noun Mineralogy.
a polymorph of quartz occurring in volcanic rock in the form of colorless, translucent crystals.

1885–90; named after San Cristóbal, a hill near Pachuca de Soto, Mexico; see -ite1 Unabridged
Based on the Random House Dictionary, © Random House, Inc. 2014.
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World English Dictionary
cristobalite (krɪsˈtəʊbəˌlaɪt)
a white microcrystalline mineral consisting of silica and occurring in volcanic rocks. Formula: SiO2
[C19: from German, named after Cerro San Cristóbal, Mexico, where it was discovered]

Collins English Dictionary - Complete & Unabridged 10th Edition
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Encyclopedia Britannica


the stable form of silica (silicon dioxide, SiO2) between its melting point of 1,728 C (3,142 F) and 1,470 C (2,678 F), below which tridymite is the stable form. Cristobalite has two modifications: low-cristobalite, which occurs naturally up to 268 C (514 F) but is not stable; and high-cristobalite, which occurs above 268 C but is only stable above 1,470 C. Natural low-cristobalite usually occurs in sub-microcrystalline masses (see opal) or fibrous to columnar spherulites (see lussatite) in igneous rocks. Cristobalite has the same chemical composition as coesite, stishovite, quartz, and tridymite but has a different crystal structure. For detailed physical properties, see silica mineral (table)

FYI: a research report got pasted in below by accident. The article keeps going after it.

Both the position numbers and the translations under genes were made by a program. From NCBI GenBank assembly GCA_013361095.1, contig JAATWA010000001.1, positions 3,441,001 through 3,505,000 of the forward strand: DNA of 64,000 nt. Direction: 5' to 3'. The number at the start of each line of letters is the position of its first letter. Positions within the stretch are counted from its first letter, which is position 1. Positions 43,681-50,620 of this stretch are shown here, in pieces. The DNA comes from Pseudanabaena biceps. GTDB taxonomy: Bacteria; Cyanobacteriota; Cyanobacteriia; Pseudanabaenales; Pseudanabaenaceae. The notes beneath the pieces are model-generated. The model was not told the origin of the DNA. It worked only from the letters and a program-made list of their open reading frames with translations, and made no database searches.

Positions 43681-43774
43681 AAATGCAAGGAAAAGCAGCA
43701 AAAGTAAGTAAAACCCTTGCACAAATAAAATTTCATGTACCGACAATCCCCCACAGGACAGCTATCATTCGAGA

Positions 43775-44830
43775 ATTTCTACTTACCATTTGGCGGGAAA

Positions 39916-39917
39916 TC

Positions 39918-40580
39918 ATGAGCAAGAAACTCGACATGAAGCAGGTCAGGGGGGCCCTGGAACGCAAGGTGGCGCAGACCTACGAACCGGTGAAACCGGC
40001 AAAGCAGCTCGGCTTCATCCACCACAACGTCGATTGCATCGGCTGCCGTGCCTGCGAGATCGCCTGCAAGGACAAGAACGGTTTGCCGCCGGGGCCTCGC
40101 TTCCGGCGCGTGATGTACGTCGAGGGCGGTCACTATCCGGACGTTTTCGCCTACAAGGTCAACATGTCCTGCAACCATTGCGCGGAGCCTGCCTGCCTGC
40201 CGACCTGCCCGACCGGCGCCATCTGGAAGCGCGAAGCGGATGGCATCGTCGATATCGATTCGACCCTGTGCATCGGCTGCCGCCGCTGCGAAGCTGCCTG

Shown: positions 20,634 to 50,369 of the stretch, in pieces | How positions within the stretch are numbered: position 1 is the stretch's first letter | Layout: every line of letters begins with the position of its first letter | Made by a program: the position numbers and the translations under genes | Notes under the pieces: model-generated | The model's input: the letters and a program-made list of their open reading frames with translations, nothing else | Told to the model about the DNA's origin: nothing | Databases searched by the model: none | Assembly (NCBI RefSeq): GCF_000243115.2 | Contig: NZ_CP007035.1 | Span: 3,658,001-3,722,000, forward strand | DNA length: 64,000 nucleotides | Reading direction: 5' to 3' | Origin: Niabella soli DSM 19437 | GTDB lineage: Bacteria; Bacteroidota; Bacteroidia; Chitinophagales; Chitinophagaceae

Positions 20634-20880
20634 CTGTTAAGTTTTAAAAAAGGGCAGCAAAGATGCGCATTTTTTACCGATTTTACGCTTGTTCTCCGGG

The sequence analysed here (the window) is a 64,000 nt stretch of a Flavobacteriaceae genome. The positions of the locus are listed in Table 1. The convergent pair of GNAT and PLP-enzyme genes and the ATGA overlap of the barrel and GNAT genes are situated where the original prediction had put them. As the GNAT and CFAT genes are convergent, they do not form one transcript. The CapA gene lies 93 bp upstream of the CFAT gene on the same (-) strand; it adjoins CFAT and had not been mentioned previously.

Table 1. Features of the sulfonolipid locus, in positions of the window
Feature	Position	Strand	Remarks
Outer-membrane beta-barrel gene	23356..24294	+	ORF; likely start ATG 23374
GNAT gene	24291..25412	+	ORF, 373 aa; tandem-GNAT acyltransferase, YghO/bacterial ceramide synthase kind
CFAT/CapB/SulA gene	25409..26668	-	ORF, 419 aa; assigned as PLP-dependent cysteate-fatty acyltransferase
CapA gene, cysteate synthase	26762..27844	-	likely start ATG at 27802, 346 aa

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Encyclopedia Britannica, 2008. Encyclopedia Britannica Online.
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Example sentences
Some volcanic rock contains cristobalite and tridymite.
Cristobalite and tridymite can be found in volcanic rocks and soils.
Three samples were collected for quartz, cristobalite, and total particulate.
Cristobalite and tridymite are two other forms of crystalline silica.
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